Stack Overflow is a community of 4.7 million programmers, just like you, helping each other.

Join them; it only takes a minute:

Sign up
Join the Stack Overflow community to:
  1. Ask programming questions
  2. Answer and help your peers
  3. Get recognized for your expertise

The Facts

Function('return this')() always returns the global (window) object. Function.bind({})('return this')() returns the global object too.

My Goals

I want to create a variation of Function. The anonymous functions returned by calling that variation of Function should always use myObj as this.

If JavaScript wouldn't behave in that special way (see The Facts), I would do the following:

var myFun = Function.bind(myObj);

myFun is the object that I want to own. Now I would be able to do the following:

console.assert(myObj === myFun('return this')());

My Questions

  • Why is Function returning global, even after .bind()ing it to another object?
  • Is there a workaround? How can I bind Function to another object?


share|improve this question

I don't know what exactly you are trying to achieve, but it seems that your method chaining is in the wrong order.

Function('return this').bind({})() // returns the empty Object
share|improve this answer
Thanks, that's I nice in this use case. - But I want to create a variation of Function itself, not a variation of a function created by Function. I want something like var myFun = Function.bind(myObj) as a result in a variable. If I was using your solution, I can't do something like that - Then I'd need to .bind() every produced by Function apart. – fridojet Aug 13 '12 at 12:03
Hm, either I am not aware enough of JavaScript or I don't understand the basic principle behind your idea. But it sounds to me that you want to overload the prototype of .bind. Sorry if I wasn't any of help. – Dan Lee Aug 13 '12 at 12:51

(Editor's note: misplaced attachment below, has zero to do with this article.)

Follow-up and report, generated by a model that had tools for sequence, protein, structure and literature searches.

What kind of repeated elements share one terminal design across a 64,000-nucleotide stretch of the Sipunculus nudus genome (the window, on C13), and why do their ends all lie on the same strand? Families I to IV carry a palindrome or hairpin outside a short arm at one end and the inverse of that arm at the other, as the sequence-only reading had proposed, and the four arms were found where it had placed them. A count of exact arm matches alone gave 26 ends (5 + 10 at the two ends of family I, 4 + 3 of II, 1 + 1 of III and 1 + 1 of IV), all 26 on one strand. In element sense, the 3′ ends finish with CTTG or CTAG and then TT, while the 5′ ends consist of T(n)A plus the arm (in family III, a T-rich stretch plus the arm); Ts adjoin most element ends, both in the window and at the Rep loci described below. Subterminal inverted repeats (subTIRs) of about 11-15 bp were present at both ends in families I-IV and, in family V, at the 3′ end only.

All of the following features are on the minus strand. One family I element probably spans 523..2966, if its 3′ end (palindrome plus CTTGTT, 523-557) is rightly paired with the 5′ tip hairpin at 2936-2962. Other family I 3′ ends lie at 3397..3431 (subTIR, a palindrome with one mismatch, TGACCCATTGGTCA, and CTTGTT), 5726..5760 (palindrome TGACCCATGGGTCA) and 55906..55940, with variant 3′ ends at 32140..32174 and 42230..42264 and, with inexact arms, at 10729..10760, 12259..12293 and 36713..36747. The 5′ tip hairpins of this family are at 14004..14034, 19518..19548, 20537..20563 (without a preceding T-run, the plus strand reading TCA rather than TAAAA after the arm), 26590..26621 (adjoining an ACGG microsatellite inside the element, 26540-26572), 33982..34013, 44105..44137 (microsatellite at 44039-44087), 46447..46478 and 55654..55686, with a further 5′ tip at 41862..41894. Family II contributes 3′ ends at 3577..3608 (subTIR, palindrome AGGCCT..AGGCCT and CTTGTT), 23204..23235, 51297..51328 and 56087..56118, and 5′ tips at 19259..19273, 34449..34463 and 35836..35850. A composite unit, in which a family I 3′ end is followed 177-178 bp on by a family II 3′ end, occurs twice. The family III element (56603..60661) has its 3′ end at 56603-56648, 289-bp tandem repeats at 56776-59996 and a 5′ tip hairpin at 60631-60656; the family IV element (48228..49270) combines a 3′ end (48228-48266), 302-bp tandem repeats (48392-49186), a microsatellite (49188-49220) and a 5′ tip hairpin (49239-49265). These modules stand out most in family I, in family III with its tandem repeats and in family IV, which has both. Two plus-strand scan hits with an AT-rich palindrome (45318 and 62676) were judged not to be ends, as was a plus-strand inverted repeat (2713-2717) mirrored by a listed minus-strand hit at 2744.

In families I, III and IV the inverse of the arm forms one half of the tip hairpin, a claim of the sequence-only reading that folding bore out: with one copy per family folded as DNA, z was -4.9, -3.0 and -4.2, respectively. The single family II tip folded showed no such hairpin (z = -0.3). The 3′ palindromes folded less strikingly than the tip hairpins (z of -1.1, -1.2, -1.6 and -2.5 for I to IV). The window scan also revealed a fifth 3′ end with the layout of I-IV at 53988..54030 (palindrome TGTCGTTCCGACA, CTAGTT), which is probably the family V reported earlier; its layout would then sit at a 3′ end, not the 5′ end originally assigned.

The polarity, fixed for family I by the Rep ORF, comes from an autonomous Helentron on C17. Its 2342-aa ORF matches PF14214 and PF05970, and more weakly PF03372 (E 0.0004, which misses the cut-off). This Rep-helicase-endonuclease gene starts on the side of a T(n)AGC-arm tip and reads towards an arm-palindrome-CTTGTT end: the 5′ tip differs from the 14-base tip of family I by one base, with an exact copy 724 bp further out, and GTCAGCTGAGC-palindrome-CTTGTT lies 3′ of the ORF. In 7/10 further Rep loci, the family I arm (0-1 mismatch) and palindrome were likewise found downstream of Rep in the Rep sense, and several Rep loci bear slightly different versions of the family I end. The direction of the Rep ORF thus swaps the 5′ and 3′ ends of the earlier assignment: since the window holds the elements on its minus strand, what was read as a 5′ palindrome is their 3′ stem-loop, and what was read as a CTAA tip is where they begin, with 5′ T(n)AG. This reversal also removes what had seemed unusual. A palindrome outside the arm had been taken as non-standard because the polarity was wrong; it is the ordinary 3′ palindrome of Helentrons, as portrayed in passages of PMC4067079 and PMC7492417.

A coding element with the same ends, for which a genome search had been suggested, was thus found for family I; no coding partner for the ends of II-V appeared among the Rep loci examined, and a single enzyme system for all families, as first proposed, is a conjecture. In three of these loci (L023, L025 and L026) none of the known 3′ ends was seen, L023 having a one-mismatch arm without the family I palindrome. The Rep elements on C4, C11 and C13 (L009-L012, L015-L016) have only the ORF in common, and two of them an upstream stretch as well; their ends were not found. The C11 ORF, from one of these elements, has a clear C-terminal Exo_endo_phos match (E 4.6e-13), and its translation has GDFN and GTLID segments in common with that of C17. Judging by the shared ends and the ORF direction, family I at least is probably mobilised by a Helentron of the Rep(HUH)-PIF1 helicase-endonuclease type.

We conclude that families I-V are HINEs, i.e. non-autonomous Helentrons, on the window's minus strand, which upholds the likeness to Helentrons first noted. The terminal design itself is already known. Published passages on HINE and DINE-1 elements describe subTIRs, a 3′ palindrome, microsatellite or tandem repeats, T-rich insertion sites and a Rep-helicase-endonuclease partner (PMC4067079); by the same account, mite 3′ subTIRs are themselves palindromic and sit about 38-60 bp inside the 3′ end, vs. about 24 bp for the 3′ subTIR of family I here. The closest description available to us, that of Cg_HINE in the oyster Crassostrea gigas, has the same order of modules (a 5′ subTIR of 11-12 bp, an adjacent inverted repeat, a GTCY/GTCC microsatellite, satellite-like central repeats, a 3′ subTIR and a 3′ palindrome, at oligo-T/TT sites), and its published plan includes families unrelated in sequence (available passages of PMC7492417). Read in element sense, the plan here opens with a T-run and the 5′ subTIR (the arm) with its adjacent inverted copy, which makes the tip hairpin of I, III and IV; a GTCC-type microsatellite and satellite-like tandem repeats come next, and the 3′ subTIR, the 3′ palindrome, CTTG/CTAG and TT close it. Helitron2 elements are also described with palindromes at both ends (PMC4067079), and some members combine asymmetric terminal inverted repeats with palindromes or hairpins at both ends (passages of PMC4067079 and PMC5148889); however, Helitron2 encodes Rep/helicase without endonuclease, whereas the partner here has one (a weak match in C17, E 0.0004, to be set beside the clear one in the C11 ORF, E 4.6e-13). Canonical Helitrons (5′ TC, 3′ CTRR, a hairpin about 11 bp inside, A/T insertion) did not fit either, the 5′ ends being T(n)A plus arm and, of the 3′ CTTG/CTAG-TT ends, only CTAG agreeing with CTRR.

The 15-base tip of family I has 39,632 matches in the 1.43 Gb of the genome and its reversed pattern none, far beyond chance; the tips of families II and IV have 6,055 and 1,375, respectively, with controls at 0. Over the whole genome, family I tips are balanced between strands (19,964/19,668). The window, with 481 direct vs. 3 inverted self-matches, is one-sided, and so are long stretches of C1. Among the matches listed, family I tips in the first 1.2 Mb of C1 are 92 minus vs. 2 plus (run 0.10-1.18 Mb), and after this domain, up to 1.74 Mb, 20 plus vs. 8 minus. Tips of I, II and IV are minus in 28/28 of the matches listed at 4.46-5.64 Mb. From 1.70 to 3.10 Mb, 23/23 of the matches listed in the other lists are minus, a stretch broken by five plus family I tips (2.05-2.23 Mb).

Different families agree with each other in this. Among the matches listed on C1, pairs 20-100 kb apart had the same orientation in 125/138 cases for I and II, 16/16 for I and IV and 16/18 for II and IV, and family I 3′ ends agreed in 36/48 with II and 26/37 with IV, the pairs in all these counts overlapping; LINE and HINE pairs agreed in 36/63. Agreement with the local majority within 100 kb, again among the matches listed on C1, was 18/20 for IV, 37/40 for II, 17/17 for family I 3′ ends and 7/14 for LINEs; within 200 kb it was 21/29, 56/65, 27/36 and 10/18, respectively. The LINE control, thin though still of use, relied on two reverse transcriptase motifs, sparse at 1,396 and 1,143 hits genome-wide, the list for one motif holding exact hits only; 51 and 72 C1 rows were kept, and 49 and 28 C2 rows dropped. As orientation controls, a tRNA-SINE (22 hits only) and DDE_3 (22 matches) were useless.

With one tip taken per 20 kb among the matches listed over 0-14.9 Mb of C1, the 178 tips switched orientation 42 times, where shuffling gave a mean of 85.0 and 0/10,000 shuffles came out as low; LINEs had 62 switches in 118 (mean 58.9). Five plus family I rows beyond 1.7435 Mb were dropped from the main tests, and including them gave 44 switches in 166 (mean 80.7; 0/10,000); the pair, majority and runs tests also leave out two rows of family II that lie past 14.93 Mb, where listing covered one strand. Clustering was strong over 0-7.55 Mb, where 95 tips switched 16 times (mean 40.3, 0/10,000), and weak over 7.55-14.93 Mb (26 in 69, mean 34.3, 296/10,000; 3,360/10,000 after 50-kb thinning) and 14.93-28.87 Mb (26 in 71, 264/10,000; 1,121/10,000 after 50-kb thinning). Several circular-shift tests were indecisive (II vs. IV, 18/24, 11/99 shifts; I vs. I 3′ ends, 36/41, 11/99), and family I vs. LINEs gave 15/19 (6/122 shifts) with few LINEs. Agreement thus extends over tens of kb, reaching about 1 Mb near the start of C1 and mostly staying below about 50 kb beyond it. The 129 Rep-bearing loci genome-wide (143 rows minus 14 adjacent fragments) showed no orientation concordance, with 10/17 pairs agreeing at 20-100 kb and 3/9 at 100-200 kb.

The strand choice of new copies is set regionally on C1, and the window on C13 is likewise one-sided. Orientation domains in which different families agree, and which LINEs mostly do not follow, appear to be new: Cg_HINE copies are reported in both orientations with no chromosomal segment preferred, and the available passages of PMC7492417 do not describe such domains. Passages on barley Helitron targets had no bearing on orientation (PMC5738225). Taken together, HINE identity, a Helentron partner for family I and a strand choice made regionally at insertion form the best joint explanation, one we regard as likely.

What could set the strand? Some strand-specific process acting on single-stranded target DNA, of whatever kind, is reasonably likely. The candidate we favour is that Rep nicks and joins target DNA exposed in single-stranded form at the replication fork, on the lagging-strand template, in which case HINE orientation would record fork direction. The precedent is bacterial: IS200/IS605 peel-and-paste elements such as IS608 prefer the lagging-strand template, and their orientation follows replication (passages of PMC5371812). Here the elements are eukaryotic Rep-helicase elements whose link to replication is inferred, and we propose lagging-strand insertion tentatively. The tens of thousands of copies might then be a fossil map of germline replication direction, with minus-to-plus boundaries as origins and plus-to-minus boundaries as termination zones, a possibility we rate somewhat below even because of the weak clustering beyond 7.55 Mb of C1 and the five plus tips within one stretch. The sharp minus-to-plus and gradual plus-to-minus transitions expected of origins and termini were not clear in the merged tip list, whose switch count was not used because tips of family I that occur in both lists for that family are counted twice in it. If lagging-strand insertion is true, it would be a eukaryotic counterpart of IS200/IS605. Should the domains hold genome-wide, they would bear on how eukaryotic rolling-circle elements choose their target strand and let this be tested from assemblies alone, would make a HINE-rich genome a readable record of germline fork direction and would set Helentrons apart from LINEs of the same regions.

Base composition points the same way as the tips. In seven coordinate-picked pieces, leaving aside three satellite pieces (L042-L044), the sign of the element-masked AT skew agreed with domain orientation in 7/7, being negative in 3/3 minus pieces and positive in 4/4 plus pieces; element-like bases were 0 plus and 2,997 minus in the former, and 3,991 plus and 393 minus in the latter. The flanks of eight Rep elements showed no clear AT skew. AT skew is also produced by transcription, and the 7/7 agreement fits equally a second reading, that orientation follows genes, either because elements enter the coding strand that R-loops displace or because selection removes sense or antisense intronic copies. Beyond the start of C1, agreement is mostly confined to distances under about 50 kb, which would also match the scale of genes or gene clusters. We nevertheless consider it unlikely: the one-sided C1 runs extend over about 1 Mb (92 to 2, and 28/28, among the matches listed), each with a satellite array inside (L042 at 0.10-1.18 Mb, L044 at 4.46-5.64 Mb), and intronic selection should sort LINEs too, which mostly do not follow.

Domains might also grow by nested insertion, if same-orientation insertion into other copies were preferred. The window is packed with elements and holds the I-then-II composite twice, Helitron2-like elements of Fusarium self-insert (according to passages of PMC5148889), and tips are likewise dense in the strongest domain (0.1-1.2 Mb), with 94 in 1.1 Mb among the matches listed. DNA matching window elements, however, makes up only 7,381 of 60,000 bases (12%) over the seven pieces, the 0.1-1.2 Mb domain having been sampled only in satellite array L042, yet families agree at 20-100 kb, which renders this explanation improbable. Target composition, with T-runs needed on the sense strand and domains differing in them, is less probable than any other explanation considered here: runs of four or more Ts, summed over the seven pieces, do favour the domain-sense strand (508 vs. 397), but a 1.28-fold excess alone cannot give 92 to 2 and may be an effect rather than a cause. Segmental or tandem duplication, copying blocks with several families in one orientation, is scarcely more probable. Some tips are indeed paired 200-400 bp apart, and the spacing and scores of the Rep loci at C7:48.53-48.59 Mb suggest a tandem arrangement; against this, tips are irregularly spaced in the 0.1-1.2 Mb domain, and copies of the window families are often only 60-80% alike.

I extended my question in order to make clear what I mean. I hope it's OK now. – fridojet Aug 13 '12 at 16:22
"it sounds to me that you want to overload the prototype of .bind": That's not really what I keep in mind. - I don't want to do anything with .bind(), bind() is just my tool to create a second version of Function. I want that second version of Function (var myFun = Function.bind(myObj);) to return special anonymous functions (var myRetValue = myFun('return this')) when getting called. The special thing concerning these anonymous functions should be: In the scope of these returned functions, this should refer to myObj (console.assert(myObj === myRetValue());). – fridojet Aug 13 '12 at 16:38
So it's all about changing the context of the anonymous functions returned by a Function() call. - Is it clear what I want to express? I hope so. If it's not: Please tell me what's wrong. – fridojet Aug 13 '12 at 16:44

You are essentially doing this:{}, 'return this;')();

The Function function is executed in the context of a new anonymous object. Doing this does not affect the context of the functions generated by Function. It turns out that Function doesn't care what context it runs in -- it always produces functions that have the default global context.

If you want to specify the context of the functions generated by Function, you want to wrap Function like this:

// give our vars privacy in a closure
(function() {
    // store old Function
    var oldFunc = Function;

    // redefine Function to be a wrapper around the real Function
    // which takes an additional `context` argument
    Function = function(ftext, context) {
        return oldFunc(ftext).bind(context);

Now you can call Function('return this', myObj)(); and it will return myObj.

Or, to simply create your suggested myFun(text) syntax which passes your assert test:

var myFun = function(ftext) {
    return Function(ftext).bind(myObj);
share|improve this answer

Your Answer


By posting your answer, you agree to the privacy policy and terms of service.

Not the answer you're looking for? Browse other questions tagged or ask your own question.